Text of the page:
The SEC is having a good year in the FCPA enforcement arena. As a former prosecutor, my eyes would sometimes glaze over when discussing civil enforcement actions. The SEC, however, has turned its FCPA enforcement program into a productive and important component of its overall mission.

BNY Mellon agreed to pay $14.8 million for the hiring of three interns in order to curry favor with two government officials from a Middle Eastern sovereign wealth fund.

Interestingly, the SEC did not charge any individuals involved in the case. An earlier SEC disclosure by BNY Mellon stated that several individuals at BNY Mellon had received Wells notices, indicating that they were likely to be charged.

BNY Mellon’s settlement is important for a reason outside the case itself. Six major banks are under investigation right now for the “princelings” case. They have launched an aggressive defense against the SEC’s prosecutions for hiring interns who were relatives of important foreign officials, arguing that such intern programs were “customary” in the industry. At bottom, they are claiming that they did not provide anything of value nor did they act with corrupt intent. The BNY Mellon case reflects the SEC’s rejection of those claims and that theory.

The SEC is likely to bring a large number of SEC enforcement actions against these major banks either simultaneously or close together to reinforce its FCPA enforcement program.

The BNY Mellon facts are fairly egregious. All three interns were recent college graduates. The Middle Eastern sovereign wealth fund was an important client, and BNY Mellon was actively seeking to increase its business with the Middle Eastern sovereign wealth fund. Officials X and Y played an important role in approving BNY Mellon’s attempts to increase its business.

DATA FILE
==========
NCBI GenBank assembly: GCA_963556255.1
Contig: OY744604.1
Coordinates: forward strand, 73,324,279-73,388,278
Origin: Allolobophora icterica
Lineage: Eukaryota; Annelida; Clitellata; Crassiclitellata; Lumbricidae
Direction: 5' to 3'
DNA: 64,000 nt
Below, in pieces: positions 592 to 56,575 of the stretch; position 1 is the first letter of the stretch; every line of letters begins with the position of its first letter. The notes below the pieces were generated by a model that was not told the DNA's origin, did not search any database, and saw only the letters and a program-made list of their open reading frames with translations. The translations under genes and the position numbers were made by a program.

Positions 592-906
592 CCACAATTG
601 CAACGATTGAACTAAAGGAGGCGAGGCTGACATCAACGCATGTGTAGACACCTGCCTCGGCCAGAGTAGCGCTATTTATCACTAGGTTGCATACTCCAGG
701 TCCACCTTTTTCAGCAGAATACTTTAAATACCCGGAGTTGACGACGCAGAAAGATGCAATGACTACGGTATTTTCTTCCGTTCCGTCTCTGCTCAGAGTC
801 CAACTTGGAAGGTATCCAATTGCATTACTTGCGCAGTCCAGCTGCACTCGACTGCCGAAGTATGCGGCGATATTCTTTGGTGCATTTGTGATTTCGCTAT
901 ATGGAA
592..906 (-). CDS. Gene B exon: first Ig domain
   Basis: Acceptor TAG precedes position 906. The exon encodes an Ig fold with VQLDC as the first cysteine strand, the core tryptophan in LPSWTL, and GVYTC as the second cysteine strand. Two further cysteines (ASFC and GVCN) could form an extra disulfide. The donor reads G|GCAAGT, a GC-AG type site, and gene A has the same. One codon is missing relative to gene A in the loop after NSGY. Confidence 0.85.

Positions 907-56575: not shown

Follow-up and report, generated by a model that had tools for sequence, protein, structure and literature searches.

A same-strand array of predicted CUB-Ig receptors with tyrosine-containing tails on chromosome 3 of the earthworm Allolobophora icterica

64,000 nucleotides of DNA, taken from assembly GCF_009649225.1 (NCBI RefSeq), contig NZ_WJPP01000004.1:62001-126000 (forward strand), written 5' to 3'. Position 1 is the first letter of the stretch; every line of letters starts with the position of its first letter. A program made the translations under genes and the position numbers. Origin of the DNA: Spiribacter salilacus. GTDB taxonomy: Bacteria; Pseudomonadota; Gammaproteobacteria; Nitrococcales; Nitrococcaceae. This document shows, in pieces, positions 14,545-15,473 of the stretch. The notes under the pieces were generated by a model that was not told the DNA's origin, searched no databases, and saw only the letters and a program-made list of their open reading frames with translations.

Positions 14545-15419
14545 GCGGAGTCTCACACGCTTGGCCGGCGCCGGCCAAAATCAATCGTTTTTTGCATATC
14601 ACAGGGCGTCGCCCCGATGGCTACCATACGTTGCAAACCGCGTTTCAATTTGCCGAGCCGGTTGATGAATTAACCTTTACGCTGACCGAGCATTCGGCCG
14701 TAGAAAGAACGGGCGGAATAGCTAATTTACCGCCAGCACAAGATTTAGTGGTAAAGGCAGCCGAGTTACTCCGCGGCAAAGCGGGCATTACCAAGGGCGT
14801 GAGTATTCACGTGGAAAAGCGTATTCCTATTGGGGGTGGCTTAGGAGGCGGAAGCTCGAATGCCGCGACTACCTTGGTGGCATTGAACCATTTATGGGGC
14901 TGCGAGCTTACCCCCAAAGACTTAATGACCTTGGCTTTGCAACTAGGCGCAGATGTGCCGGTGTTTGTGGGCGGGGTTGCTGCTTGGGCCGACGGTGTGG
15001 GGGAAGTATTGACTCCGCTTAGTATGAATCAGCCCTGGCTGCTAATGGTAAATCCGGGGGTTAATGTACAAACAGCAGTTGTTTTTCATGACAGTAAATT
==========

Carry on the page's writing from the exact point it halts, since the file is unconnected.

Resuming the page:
Officials X and Y pressed BNY Mellon officials to award their relatives with internships. Certain BNY Mellon officials saw the awarding of the internships as important to securing the additional business from the Middle Eastern sovereign wealth fund. The SEC cited several significant emails that corroborated the importance of the link between the internships and the increased business for BNY Mellon.

BNY Mellon’s internship program for college graduates was very competitive.   Importantly, the interns did not meet the hiring standards for the program, and they were excused from the competitive hiring process involved in the program. BNY Mellon officials did not even meet or interview the intern candidates, and in the end they were awarded their own “specialized” intern programs. The programs were expensive and required significant planning and structuring. Two of the interns were paid at higher than normal rates. One of the employee’s responsible for the program wrote in an email that the internships were “expensive favors.”

The SEC cited specific evidence that the internships were awarded with the blessing and support of top BNY Mellon officials. Generally, the interns’ performances were less than exemplary.

The SEC’s settlement action puts all companies on notice as to an important set of controls that need to be implemented. When conducting hiring of employees and interns, companies need to design controls to identify those candidates that are presently or formerly foreign officials, or are related to foreign officials. A specific policy and procedure needs to be established to ensure that the hiring of any of these individuals is not being conducted with corrupt intent.

I agree with many commentators who have noted that it is possible, and in fact, legal to hire foreign officials, former foreign officials, or relatives of foreign officials. A company has to make sure the person is qualified, has to follow established hiring procedures, and comply with additional due diligence requirements to ensure that no one is pushing the potential candidate as part of a corrupt scheme.

The issue of whether a job or any internship is a “thing of value” is not the focus: the issue really boils down to “corrupt intent.” The BNY Mellon case is built on a strong showing of corrupt intent. For the SEC, it is a strong case that sends a very important message when it comes to hiring or other types of non-obvious benefits – corruption can embrace a variety of areas and techniques, and a company’s controls have to be designed around all reasonable possibilities.